A peer to peer microstatus system written in 30 lines of pure python.
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README.md
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README.md

TinyStatus

A P2P short-status network you can fit in your email signature.

Copyright 2013 Cathal Garvey, License: GNU Affero General Public License v3

Dedication

Pat Rabbitte: You won't prevent us from speaking, only yourself from hearing.

What is TinyStatus?

TinyStatus is a peer to peer microstatus server/client script written in pure python, in as few 80-character lines as I could manage.

TinyStatus is heavily inspired by E.W. Felten's TinyP2P, code for which is included (as per its CC-BY-NC-SA license) for reference.

Like TinyP2P, TinyStatus establishes a (small, poorly scaleable) network of servers hosting content that clients can poll and fetch from. Unlike TinyP2P, the content in this case is clients' short status messages, which consist of a username, up to 150 characters of text, and a timestamp and cryptographic proof-of-work to deter spamming.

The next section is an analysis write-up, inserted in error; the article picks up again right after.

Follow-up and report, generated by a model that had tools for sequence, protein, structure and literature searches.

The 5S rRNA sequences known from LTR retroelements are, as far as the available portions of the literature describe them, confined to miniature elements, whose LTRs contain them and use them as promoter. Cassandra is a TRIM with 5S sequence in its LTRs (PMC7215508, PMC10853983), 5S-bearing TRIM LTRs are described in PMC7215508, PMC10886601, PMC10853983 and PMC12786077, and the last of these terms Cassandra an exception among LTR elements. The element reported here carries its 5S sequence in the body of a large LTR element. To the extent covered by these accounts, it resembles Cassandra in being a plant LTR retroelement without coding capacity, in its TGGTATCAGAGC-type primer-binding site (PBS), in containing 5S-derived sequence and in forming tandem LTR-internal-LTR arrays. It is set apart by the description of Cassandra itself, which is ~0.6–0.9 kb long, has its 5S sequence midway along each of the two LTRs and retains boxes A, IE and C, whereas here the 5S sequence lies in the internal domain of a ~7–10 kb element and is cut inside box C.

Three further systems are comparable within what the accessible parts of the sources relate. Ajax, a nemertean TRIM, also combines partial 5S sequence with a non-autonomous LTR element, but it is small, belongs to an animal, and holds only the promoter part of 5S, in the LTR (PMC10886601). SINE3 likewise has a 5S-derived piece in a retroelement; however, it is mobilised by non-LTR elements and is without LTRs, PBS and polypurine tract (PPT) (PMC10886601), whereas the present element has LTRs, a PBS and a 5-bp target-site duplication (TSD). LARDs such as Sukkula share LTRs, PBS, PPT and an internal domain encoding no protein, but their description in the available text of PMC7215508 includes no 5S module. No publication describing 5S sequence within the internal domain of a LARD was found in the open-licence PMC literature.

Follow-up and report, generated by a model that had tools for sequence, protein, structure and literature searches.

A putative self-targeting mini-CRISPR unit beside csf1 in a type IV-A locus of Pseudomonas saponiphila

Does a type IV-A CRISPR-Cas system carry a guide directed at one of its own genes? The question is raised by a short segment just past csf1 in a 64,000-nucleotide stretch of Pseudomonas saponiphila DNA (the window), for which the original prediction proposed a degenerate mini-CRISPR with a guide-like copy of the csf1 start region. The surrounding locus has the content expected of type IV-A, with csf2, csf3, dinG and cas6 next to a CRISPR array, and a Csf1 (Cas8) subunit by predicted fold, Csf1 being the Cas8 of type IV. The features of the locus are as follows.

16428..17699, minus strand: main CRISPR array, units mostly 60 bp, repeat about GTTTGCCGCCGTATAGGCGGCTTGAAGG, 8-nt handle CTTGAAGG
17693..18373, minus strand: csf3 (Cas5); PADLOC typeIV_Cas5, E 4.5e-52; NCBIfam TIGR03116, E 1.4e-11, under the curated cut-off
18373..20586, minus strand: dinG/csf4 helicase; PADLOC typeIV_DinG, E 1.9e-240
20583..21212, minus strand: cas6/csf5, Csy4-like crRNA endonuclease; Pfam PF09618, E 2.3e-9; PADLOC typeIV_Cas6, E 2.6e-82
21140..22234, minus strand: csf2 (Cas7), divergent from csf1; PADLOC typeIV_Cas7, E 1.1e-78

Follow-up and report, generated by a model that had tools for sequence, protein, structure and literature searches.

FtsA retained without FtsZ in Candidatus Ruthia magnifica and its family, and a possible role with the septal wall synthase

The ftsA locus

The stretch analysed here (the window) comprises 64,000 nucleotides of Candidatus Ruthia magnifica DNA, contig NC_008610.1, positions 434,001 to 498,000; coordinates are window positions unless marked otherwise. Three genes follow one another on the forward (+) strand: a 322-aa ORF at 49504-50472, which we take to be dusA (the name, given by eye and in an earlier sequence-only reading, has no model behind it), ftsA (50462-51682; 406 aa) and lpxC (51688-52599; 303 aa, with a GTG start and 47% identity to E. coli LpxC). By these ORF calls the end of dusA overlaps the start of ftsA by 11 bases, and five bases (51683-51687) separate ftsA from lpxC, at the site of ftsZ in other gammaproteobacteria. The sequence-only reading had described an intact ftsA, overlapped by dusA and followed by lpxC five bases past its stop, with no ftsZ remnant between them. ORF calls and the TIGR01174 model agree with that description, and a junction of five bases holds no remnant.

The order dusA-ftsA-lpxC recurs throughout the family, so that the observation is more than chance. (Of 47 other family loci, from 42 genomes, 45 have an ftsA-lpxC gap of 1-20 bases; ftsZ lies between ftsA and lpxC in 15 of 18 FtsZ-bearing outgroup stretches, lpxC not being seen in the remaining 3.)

Unlike TinyP2P, TinyStatus is not only a fetching network, but a posting network; users can connect to arbitrary servers and post their statuses, which will be distributed among other servers as transactions occur between the servers in the course of normal activity.

Unfortunately, TinyStatus is also a lot larger than TinyP2P; I attribute this to:

  • TinyP2P can take advantage of OS-level functions for management of locally served files.
  • TinyP2P doesn't contain multiline try:catch statements to prevent crashes due to bad server data (which would make attacking the network trivial).